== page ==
Merchandising Means More to Kids Than TV Ads: To Ban Television Toy Advertising Would Overrate Its Power of Persuasion. (Marketing Society)
Abrahams, Guy, Marketing
This weekend, I'll be taking Celeste, aged four and three-quarters, to see Santa. When he asks her what she wants, her answer will reflect the many influences in her life.
One of these influences, TV advertising to children (and for toys in particular), is under threat. The likes of Hillary Clinton and Gordon Brown have called for its abolition and the Swedish government proposes an EU-wide ban. However, this ban is misguided, as it is more likely to damage children and the parental pockets it is trying to protect.
To ban TV toy advertising power, since current commercials tend to be classic examples of lowest common denominator global advertising. They offer little inspiration or persuasion and their only role seems to be to inform children of the simple existence of a toy. A recent survey from Logistix Kids supports this, reporting that seven- to 14-year-olds' favourite ads are for Budweiser and Halifax rather than Action Man and Barbie. So if we really are serious about protecting children, we should consider banning ads featuring Budweiser lizards before Buckaroo.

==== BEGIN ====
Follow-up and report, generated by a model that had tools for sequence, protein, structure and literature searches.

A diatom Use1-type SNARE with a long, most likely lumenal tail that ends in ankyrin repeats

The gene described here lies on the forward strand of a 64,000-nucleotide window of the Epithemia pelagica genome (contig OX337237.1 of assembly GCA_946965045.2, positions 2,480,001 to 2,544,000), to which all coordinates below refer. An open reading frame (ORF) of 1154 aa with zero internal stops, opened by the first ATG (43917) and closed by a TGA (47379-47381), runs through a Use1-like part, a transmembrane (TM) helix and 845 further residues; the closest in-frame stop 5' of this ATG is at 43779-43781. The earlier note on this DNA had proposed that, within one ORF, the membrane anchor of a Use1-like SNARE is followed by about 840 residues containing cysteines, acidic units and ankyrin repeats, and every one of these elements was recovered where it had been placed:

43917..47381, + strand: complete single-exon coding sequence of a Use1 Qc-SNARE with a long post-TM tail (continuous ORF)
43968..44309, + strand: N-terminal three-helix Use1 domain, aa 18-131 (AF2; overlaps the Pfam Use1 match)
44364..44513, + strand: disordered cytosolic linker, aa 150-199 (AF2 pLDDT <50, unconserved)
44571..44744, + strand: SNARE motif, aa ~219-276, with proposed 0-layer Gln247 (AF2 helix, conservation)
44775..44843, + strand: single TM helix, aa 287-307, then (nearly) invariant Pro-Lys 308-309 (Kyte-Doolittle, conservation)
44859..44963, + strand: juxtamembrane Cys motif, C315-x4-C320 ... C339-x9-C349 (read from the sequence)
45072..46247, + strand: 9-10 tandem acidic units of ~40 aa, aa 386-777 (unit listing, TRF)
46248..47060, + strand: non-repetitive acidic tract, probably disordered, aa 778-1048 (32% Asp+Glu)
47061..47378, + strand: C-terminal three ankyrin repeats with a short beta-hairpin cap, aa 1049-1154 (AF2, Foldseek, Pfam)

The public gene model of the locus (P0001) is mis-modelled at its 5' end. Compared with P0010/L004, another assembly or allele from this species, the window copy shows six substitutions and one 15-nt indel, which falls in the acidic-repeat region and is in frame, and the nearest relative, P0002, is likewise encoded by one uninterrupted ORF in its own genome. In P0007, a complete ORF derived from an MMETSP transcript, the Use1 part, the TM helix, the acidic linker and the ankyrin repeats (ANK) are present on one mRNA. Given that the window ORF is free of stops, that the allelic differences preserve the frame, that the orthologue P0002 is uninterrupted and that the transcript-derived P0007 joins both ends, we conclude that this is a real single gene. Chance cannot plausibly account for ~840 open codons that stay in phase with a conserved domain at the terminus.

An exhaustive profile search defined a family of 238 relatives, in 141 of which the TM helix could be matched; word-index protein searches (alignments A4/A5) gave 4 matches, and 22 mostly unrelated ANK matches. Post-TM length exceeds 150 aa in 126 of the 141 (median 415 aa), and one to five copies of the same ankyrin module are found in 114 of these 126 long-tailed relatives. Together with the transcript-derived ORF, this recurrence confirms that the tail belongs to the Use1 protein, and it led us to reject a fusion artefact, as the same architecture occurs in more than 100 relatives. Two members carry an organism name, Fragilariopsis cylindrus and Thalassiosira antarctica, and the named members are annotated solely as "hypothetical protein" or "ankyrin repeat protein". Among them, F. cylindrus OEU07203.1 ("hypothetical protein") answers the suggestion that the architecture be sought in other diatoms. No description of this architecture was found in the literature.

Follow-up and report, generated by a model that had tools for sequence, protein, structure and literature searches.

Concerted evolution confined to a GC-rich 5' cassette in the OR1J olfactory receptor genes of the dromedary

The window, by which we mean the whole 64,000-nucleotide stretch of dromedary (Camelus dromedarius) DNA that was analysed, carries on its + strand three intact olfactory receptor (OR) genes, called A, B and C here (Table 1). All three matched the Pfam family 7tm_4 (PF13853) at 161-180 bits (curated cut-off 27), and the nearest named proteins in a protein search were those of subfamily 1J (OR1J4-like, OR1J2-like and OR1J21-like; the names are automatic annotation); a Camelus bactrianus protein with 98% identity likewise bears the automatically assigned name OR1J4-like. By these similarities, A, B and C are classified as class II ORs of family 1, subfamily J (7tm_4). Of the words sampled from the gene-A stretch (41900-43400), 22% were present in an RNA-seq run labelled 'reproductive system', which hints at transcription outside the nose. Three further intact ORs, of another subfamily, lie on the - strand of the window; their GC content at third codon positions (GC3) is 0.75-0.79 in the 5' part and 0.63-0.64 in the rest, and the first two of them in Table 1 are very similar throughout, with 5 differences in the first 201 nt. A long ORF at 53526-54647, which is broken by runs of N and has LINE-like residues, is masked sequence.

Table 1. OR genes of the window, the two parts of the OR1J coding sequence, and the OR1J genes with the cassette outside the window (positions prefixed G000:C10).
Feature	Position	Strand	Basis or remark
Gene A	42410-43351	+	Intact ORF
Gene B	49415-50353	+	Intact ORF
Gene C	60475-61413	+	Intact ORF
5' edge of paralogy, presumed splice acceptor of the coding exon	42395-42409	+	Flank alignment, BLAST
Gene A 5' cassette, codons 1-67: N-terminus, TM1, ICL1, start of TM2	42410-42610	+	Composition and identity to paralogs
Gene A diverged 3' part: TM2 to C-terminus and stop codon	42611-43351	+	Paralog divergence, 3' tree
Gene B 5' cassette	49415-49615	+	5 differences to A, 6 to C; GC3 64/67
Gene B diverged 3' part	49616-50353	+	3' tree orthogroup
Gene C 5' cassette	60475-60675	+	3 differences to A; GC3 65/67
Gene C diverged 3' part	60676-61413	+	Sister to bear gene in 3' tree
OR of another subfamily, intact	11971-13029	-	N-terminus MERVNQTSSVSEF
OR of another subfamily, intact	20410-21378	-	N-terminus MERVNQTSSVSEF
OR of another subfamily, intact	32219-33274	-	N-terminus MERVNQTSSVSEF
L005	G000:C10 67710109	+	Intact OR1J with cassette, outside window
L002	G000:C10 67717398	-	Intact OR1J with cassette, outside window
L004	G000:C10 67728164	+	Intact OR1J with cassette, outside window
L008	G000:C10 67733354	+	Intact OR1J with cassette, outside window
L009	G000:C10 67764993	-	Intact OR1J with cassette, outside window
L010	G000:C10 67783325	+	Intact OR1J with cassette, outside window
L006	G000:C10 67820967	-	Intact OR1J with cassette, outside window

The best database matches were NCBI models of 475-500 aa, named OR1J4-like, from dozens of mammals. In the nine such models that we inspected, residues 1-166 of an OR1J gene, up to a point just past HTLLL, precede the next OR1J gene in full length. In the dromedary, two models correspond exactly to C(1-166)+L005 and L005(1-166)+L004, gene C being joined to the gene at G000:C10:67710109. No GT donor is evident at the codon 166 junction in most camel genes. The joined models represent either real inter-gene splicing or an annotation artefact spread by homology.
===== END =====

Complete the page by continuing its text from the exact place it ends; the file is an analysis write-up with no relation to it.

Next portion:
Television and film merchandise tie-ins are the items most demanded by children. This year, Celeste will be asking Santa for Art Attack stuff to replace last year's requests for Tweenies. Yet no politician or right-minded parent would dream of calling for a ban on Harry Potter or Sesame Street The problem for parents at Christmas is not having to buy TV-advertised toys, but being first in the queue for Hogwarts castle.
TV-advertised toys will always struggle against their merchandised cousins: 30 seconds of advertising will more often or not lose out to 30 minutes of 'advertising' provided by a merchandised programme. …